Accurate, Focused Research on Law, Technology and Knowledge Discovery Since 2002

More Recycling Won’t Solve Plastic Pollution

Scientific American: “The only thing worse than being lied to is not knowing you’re being lied to. It’s true that plastic pollution is a huge problem, of planetary proportions. And it’s true we could all do more to reduce our plastic footprint. The lie is that blame for the plastic problem is wasteful consumers and that changing our individual habits will fix it. Recycling plastic is to saving the Earth what hammering a nail is to halting a falling skyscraper. You struggle to find a place to do it and feel pleased when you succeed. But your effort is wholly inadequate and distracts from the real problem of why the building is collapsing in the first place. The real problem is that single-use plastic—the very idea of producing plastic items like grocery bags, which we use for an average of 12 minutes but can persist in the environment for half a millennium—is an incredibly reckless abuse of technology. Encouraging individuals to recycle more will never solve the problem of a massive production of single-use plastic that should have been avoided in the first place…”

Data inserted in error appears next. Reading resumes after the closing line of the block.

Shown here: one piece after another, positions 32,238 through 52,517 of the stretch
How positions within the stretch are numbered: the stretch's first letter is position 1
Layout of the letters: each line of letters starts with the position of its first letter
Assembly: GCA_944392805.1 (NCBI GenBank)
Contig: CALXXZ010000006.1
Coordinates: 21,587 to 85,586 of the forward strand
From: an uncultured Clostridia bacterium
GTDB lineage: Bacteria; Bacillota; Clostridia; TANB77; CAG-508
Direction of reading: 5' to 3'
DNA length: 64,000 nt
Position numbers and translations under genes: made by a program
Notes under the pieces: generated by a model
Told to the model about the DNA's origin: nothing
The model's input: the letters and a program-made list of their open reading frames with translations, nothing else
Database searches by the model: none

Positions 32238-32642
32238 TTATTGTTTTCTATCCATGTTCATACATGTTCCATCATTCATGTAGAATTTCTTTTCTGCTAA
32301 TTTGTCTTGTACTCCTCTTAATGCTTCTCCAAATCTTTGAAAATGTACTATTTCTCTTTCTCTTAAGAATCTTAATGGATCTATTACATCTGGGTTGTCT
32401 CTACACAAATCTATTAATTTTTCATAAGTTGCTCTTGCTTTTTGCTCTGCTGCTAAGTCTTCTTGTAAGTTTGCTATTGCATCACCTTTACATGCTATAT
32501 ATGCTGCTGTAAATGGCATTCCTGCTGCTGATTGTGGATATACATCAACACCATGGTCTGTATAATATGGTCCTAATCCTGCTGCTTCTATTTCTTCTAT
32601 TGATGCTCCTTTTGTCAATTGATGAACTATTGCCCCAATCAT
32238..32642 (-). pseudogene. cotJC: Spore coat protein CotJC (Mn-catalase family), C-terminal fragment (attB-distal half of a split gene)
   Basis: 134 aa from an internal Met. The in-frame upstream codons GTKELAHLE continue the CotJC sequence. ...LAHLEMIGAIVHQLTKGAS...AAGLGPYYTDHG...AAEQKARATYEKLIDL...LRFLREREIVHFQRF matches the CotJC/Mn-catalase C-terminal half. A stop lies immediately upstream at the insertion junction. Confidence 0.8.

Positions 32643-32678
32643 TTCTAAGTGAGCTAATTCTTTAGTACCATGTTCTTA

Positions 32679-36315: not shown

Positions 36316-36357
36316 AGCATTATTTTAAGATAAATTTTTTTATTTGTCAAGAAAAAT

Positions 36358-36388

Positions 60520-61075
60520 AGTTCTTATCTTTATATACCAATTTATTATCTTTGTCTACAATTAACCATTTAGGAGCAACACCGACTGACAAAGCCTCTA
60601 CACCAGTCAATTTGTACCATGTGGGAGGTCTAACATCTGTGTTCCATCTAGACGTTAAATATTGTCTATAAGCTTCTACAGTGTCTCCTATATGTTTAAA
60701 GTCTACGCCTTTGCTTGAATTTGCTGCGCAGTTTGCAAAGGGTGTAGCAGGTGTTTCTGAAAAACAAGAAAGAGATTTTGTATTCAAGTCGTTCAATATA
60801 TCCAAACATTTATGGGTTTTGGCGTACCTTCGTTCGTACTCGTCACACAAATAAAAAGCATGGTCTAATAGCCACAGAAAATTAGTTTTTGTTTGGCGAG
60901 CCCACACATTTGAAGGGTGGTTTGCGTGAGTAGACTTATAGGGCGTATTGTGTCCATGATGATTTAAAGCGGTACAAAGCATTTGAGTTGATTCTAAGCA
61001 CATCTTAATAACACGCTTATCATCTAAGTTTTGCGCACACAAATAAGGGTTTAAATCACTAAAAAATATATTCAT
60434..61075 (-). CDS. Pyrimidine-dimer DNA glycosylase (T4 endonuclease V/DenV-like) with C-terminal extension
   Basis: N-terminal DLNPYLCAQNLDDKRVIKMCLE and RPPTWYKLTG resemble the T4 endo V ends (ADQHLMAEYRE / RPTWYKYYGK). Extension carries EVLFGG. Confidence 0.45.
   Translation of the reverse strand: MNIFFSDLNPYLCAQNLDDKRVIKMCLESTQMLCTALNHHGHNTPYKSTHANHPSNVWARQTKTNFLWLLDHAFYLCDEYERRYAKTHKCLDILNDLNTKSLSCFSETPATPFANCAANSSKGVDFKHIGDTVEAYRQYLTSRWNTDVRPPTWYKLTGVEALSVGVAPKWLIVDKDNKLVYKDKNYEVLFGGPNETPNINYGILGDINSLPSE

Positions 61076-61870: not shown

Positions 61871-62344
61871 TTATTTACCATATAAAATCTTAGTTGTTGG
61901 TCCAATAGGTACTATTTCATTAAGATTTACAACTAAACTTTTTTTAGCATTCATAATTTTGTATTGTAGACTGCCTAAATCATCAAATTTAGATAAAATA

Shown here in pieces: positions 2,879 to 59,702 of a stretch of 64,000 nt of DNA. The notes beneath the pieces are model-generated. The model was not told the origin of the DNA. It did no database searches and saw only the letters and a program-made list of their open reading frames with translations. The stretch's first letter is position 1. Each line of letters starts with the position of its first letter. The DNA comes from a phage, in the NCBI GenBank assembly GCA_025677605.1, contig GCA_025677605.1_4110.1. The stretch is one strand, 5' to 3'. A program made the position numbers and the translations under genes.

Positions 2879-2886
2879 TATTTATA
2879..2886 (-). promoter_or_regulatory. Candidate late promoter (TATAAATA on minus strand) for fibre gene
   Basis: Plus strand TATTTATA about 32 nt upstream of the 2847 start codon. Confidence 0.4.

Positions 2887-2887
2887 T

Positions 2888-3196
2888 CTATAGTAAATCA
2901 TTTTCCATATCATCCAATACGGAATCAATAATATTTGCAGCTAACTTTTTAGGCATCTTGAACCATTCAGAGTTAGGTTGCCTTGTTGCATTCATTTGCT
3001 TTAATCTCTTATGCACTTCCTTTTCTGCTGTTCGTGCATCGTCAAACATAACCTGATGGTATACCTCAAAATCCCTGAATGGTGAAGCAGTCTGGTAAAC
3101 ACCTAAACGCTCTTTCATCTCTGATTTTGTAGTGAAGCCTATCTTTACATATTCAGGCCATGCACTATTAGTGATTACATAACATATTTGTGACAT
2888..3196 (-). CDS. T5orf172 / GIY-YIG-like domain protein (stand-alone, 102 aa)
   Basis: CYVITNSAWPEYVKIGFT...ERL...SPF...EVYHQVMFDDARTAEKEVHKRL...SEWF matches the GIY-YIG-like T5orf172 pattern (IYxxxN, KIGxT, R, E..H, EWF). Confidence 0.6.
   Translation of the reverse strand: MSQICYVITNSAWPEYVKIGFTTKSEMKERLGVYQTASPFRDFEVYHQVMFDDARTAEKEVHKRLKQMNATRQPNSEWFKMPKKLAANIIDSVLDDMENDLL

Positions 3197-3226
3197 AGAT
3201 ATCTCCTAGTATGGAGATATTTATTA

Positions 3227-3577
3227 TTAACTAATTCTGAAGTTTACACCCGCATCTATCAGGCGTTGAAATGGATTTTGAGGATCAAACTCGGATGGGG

See also the Washington Post – How to break your plastic, foil and paper addiction in the kitchen: “…According to marine research organization Algalita, Americans throw out 185 pounds of plastic per person each year, and National Geographic reported in 2017 that just 9 percent of all plastic worldwide is recycled. The first plastic sandwich bags were introduced in 1957…The truth is, both plastic bags and aluminum foil can be recycled (but only if you live somewhere that offers recycling for those specific products), and they can biodegrade in landfills (although that could take anywhere from 50 to hundreds of years). According to a study published last year in the journal Science Advances, about 60 percent of all plastic that has been produced since the 1950s is sitting in landfills around the world, noting that “none of the mass-produced plastics biodegrade in a meaningful way.”

Sorry, comments are closed for this post.